Development of “Add-on” Therapy for Pulmonary Arterial Hypertension Ends After Poor Trial Showing

According to a story from Pulmonary Hypertension News, the drug developer United Therapeutics recently issued a statement in which the company announced that it was ceasing the development of esuberaprost as a supplemental treatment for pulmonary arterial hypertension, a rare lung condition. The drug was intended to be used alongside Tyvaso, one of the company’s currently available products that is used to treat the illness. The decision was based on disappointing results from a Phase 3 clinical trial.

About Pulmonary Arterial Hypertension (PAH)

Pulmonary arterial hypertension is a condition in which the blood pressure in the arteries of the lungs is abnormally high. The cause of pulmonary arterial hypertension is often unknown in many cases. However, there are a variety of potential causes, such as certain heritable genetic mutations, exposure to certain toxins, and drug use (ex. methamphetamine). It can also appear as a symptom or complication in a number of other diseases, such as heart disease, connective tissue disease, and infection with HIV. The arteries in the lungs are often inflamed. Symptoms of this condition include rapid heartbeat, poor exercise tolerance, shortness of breath, fainting, leg swelling, fatigue, and chest pain. Treatment may include a number of medications and surgical operations, including lung transplant. A transplant can cure the condition, but it can cause many complications. Survival rate is often only about two or three years without treatment, but the latest drugs can prolong life by several years or more. Click here to learn more about pulmonary arterial hypertension.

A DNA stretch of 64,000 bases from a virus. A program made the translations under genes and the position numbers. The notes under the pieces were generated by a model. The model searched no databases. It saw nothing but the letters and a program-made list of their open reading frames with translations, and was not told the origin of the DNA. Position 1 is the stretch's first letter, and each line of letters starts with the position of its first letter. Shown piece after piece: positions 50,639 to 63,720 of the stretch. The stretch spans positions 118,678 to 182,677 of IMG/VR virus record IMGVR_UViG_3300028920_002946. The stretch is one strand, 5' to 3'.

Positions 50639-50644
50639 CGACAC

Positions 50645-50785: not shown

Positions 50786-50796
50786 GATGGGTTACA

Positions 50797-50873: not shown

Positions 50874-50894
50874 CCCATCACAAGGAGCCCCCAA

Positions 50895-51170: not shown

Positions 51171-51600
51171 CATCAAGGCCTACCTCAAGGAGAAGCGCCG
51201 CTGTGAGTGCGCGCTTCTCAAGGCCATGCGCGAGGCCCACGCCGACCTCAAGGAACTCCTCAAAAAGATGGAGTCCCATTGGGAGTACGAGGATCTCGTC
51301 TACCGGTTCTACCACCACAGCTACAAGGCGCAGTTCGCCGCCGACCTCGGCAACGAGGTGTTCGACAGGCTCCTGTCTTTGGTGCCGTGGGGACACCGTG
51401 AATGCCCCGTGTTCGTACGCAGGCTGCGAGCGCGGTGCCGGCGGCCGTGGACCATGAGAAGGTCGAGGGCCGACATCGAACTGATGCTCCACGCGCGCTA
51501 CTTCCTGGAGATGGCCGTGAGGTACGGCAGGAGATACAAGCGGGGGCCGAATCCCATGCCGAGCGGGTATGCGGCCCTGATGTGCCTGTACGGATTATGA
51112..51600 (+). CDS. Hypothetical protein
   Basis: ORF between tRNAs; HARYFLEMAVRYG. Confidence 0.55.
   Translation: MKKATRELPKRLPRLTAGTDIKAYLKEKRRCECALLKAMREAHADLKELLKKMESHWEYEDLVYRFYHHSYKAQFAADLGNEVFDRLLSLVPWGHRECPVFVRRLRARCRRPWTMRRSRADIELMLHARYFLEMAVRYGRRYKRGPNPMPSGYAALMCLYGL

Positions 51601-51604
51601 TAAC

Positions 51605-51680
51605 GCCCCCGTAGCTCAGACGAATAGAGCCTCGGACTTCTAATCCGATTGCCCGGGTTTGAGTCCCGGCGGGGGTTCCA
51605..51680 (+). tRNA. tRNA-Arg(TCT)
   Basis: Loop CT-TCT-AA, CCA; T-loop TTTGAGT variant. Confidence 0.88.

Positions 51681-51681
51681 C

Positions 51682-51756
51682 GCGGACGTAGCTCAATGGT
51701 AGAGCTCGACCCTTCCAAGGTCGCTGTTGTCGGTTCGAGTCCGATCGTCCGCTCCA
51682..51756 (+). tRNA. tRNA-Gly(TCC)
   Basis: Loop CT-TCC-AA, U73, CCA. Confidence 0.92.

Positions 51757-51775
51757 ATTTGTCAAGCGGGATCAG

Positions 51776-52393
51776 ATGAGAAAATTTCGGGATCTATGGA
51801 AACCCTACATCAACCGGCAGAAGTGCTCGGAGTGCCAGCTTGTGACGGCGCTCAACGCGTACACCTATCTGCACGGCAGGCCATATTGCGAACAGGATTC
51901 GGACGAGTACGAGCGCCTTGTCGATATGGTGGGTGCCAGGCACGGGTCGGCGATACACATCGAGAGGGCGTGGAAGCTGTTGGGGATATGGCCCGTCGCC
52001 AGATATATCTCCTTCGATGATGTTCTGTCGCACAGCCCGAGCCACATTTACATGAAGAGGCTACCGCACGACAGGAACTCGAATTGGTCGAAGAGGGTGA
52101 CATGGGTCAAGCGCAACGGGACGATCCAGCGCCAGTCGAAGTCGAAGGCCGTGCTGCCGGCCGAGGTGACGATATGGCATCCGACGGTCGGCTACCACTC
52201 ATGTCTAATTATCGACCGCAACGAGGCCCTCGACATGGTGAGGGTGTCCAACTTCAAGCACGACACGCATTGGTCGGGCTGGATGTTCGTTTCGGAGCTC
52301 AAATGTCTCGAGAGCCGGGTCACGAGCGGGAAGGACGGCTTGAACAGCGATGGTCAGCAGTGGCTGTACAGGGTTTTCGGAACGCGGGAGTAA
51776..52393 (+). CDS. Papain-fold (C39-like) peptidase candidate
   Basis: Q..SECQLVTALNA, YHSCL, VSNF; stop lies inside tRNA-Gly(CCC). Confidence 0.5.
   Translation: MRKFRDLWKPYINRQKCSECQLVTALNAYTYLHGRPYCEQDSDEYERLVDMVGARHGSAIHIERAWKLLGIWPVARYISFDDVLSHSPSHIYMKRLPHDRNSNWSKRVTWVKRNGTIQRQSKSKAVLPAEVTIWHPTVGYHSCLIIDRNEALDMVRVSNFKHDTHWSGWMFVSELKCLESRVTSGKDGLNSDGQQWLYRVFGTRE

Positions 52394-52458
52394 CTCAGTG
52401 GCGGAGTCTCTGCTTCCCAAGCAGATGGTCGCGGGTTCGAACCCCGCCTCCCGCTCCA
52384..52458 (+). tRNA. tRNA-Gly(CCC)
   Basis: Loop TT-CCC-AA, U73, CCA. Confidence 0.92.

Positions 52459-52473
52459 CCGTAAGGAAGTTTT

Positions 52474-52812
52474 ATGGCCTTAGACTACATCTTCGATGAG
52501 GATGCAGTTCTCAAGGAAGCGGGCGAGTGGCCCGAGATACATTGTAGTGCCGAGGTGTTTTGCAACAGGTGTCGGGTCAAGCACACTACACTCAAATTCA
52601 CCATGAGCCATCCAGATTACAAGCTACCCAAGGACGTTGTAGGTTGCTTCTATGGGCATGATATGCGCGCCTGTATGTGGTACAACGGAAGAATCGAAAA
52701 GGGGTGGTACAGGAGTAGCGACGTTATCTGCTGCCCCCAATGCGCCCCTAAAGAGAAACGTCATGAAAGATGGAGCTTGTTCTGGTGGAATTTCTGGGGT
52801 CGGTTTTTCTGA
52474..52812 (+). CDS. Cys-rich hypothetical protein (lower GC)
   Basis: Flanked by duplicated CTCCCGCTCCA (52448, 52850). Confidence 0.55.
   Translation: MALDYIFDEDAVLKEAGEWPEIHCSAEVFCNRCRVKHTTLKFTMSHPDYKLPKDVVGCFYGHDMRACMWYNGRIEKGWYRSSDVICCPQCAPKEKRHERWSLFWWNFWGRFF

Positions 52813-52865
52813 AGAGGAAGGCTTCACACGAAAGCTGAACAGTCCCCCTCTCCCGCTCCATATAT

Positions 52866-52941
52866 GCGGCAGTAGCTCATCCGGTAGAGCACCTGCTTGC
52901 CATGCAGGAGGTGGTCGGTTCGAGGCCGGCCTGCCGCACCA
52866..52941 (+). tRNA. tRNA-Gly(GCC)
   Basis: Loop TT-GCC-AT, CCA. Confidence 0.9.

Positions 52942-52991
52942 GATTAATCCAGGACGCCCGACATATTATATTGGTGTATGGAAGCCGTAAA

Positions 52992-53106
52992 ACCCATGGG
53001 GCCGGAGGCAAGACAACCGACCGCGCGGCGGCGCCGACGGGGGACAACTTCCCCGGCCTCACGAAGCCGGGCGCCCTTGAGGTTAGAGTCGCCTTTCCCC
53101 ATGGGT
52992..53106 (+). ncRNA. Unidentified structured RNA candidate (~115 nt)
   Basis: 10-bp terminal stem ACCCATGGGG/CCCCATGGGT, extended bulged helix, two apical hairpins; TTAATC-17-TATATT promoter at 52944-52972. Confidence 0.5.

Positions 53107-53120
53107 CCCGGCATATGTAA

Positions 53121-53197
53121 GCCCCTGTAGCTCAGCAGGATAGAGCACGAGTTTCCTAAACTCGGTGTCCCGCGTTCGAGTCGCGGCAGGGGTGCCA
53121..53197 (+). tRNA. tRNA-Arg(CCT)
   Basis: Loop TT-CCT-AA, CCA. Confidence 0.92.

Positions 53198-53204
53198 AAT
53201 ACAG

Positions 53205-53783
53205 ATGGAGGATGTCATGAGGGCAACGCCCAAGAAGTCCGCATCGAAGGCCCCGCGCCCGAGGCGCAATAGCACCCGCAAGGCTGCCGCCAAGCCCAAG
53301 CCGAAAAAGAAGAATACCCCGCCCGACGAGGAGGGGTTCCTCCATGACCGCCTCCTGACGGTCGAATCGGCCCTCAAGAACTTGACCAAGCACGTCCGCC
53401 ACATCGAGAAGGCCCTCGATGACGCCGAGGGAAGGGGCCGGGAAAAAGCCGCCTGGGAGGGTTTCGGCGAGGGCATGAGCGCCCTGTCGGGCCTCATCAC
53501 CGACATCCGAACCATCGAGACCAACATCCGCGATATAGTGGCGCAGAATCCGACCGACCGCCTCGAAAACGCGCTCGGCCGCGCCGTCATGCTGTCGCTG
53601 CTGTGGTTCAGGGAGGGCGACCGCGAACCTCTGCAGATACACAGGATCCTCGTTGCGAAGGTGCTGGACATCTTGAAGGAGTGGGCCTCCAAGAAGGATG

Study Results

The primary endpoint of the study, which included 240 pulmonary arterial hypertension patients, was delayed time until signs of clinical worsening events became apparent. Unfortunately, esuberaprost was unable to have a meaningful effect on this endpoint. All of the patients in the trial were also treated with Tyvaso.

Esuberaprost is intended to replicate the activity of the molecule prostacyclin, which is produced by the body and has a blood vessel dilating effect. Concentrations of this molecule are strangely low in pulmonary arterial hypertension patients and is believed to contribute to the development of the illness. Despite this scientific basis, the experimental drug was unable to produce meaningful clinical effect.

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